Adenomatous polyposis coli (APC) differentially regulates β-catenin phosphorylation and ubiquitination in colon cancer cells

Jun Yang, Wen Zhang, Paul M. Evans, Xi Chen, Xi He, Chunming Liu

Research output: Contribution to journalArticle

138 Scopus citations

Abstract

Most colorectal cancers have mutations of the adenomatous polyposis coli (APC) gene or the β-catenin gene that stabilize β-catenin and activate β-catenin target genes, leading ultimately to cancer. The molecular mechanisms of APC function in β-catenin degradation are not completely known. APC binds β-catenin and is involved in the Axin complex, suggesting that APC regulates β-catenin phosphorylation. Some evidence also suggests that APC regulates β-catenin nuclear export. Here, we examine the effects of APC mutations on β-catenin phosphorylation, ubiquitination, and degradation in the colon cancer cell lines SW480, DLD-1, and HT29, each of which contains a different APC truncation. Although the current models suggest that β-catenin phosphorylation should be inhibited by APC mutations, we detected significant β-catenin phosphorylation in these cells. However, β-catenin ubiquitination and degradation were inhibited in SW480 but not in DLD-1 and HT29 cells. The ubiquitination of β-catenin in SW480 cells can be rescued by exogenous expression of APC. The APC domains required for β-catenin ubiquitination were analyzed. Our results suggest that APC regulates β-catenin phosphorylation and ubiquitination by distinct domains and by separate molecular mechanisms.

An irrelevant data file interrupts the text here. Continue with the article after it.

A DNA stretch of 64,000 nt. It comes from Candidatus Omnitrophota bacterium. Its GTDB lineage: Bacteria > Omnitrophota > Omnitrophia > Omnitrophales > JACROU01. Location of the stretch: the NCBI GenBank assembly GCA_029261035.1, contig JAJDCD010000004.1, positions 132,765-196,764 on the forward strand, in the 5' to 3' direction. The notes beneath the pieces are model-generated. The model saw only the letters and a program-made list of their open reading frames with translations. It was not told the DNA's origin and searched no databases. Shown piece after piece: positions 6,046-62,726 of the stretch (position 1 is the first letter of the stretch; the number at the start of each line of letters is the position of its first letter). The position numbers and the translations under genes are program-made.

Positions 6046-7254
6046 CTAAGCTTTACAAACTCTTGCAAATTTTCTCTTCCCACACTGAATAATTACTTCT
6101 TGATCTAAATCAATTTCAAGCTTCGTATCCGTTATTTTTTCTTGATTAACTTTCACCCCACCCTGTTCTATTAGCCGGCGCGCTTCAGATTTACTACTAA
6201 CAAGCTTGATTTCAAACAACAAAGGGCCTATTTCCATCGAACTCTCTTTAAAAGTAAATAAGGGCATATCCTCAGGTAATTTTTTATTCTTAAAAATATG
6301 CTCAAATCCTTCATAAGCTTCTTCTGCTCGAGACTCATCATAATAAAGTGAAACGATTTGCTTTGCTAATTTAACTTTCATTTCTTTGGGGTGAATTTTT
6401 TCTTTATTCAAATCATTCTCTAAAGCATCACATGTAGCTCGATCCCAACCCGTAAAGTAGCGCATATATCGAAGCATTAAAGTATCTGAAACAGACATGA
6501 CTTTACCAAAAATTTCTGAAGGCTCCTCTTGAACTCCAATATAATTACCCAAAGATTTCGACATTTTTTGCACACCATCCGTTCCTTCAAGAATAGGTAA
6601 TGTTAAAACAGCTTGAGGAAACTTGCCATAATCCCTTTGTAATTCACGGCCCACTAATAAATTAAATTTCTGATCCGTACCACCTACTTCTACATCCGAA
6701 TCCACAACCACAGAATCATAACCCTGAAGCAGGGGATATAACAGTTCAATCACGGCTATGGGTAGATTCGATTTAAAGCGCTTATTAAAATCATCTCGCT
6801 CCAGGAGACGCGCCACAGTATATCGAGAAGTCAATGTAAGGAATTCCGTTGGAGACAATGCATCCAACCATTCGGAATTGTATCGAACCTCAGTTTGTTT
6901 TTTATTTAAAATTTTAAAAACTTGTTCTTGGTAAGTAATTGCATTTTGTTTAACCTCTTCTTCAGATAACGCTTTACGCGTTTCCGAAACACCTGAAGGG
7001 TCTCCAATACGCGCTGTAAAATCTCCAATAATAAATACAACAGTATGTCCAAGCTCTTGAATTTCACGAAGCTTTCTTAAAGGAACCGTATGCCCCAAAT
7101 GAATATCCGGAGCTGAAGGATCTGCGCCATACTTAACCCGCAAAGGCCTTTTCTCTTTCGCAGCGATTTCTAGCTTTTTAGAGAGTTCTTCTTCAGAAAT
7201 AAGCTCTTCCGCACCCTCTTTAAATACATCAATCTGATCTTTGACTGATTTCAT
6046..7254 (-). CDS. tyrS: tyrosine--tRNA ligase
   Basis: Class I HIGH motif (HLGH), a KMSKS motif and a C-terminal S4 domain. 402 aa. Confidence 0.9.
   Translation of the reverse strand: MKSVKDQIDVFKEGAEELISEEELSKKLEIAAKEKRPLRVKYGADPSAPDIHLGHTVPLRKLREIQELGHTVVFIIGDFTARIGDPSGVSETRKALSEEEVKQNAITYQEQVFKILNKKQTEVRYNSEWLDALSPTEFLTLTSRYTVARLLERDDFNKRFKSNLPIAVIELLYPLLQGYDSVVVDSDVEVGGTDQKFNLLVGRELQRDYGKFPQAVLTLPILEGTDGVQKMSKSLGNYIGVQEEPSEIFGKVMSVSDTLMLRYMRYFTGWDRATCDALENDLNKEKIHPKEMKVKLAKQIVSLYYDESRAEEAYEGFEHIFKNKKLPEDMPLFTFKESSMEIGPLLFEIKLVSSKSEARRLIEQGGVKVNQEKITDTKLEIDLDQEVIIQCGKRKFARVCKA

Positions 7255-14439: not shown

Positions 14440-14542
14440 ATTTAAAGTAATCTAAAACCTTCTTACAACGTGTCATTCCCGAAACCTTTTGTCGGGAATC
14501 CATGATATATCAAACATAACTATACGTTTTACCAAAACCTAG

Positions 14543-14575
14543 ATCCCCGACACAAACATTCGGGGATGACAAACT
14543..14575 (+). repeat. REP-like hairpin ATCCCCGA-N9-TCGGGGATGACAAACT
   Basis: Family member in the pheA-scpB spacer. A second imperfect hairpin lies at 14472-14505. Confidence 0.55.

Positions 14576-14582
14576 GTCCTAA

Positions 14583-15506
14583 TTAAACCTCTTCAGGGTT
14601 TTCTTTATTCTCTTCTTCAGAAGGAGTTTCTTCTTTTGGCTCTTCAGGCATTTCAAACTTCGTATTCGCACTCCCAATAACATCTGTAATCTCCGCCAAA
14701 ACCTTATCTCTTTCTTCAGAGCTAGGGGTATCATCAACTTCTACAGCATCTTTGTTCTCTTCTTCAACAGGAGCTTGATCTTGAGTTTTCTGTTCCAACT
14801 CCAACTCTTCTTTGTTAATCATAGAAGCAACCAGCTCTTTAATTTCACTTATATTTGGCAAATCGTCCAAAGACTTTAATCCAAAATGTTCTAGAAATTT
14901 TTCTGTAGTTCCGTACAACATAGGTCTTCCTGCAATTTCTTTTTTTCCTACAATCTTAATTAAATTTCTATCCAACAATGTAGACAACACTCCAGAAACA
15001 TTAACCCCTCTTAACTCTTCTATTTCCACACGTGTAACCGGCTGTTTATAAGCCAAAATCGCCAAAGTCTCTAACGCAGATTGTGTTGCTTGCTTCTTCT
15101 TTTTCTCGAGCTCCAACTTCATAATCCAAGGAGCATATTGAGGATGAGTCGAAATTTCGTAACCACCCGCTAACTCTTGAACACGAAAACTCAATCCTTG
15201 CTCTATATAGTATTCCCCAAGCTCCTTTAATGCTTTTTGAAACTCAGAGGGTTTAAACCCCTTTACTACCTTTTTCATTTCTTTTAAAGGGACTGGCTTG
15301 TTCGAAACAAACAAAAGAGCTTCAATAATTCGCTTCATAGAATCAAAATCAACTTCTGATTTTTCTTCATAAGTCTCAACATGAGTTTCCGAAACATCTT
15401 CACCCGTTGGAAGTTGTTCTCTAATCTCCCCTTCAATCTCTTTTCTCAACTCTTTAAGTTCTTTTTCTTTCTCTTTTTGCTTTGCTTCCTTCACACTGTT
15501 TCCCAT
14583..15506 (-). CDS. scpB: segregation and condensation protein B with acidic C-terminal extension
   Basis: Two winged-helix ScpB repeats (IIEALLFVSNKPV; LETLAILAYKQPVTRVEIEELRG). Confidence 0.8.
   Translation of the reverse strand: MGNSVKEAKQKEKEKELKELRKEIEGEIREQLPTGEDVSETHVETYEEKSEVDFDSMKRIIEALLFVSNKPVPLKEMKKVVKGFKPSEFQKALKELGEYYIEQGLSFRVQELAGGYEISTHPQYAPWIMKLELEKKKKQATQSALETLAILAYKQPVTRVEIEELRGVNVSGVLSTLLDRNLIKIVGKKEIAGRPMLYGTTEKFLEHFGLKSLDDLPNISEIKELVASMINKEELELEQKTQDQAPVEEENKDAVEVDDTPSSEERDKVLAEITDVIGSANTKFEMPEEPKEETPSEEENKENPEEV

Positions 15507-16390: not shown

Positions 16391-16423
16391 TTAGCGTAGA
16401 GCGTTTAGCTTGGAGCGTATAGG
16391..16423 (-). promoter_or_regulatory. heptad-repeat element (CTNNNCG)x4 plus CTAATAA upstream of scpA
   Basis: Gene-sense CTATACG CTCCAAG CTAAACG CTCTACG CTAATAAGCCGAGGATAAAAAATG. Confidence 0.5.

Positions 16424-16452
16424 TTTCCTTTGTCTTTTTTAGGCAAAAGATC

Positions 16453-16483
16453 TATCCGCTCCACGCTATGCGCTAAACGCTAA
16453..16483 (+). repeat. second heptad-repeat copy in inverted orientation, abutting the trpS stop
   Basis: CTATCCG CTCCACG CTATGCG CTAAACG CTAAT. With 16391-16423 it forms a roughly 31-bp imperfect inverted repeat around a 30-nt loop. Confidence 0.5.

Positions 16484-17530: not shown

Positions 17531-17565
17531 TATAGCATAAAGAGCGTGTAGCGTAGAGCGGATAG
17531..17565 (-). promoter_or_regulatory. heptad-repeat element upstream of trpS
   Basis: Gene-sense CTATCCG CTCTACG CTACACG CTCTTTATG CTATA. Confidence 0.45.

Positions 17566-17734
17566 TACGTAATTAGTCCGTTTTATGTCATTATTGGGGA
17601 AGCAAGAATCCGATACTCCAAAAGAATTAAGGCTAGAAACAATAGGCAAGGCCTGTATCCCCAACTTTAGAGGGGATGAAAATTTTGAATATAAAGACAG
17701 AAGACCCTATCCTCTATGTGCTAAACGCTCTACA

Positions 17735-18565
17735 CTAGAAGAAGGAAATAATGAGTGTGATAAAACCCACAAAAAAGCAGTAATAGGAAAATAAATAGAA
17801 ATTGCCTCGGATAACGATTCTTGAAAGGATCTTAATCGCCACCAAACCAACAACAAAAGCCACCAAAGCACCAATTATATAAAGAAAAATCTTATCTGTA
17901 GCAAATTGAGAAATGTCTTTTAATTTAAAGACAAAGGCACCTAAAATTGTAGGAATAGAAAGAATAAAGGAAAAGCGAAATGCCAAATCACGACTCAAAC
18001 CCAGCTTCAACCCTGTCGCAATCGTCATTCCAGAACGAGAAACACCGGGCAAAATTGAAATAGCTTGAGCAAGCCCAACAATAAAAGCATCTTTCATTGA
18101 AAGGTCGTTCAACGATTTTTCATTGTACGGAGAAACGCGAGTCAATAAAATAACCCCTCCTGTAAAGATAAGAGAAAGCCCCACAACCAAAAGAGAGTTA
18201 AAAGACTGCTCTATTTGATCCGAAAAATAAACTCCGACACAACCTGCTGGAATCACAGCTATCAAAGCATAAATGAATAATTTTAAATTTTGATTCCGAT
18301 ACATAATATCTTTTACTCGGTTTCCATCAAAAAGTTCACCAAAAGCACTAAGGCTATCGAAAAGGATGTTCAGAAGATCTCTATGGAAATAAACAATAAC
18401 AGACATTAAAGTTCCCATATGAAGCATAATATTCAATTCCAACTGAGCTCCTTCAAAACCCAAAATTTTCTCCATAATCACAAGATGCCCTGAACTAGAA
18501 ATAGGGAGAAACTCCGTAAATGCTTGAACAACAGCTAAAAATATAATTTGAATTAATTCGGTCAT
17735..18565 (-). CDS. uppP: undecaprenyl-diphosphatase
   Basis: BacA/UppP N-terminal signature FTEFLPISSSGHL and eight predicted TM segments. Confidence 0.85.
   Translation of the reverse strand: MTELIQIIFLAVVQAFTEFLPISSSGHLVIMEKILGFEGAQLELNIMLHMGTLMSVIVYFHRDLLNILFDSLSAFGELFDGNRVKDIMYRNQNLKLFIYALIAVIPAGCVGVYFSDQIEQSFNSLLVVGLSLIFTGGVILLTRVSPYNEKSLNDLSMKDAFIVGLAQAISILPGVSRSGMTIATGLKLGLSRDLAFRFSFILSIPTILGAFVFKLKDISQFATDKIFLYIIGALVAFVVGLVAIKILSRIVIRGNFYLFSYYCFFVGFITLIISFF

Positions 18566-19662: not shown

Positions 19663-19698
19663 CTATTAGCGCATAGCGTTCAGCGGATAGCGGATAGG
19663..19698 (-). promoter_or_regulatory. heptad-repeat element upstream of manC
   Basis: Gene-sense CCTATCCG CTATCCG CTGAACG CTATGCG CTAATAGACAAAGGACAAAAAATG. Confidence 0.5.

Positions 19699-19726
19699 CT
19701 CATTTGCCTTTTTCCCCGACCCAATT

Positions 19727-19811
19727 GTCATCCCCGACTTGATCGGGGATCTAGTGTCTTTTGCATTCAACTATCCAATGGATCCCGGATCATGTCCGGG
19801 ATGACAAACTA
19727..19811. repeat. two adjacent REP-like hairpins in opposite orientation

Original languageEnglish (US)
Pages (from-to)17751-17757
Number of pages7
JournalJournal of Biological Chemistry
Volume281
Issue number26
DOIs
StatePublished - Jun 30 2006

ASJC Scopus subject areas

  • Biochemistry
  • Molecular Biology
  • Cell Biology

Fingerprint Dive into the research topics of 'Adenomatous polyposis coli (APC) differentially regulates β-catenin phosphorylation and ubiquitination in colon cancer cells'. Together they form a unique fingerprint.

  • Cite this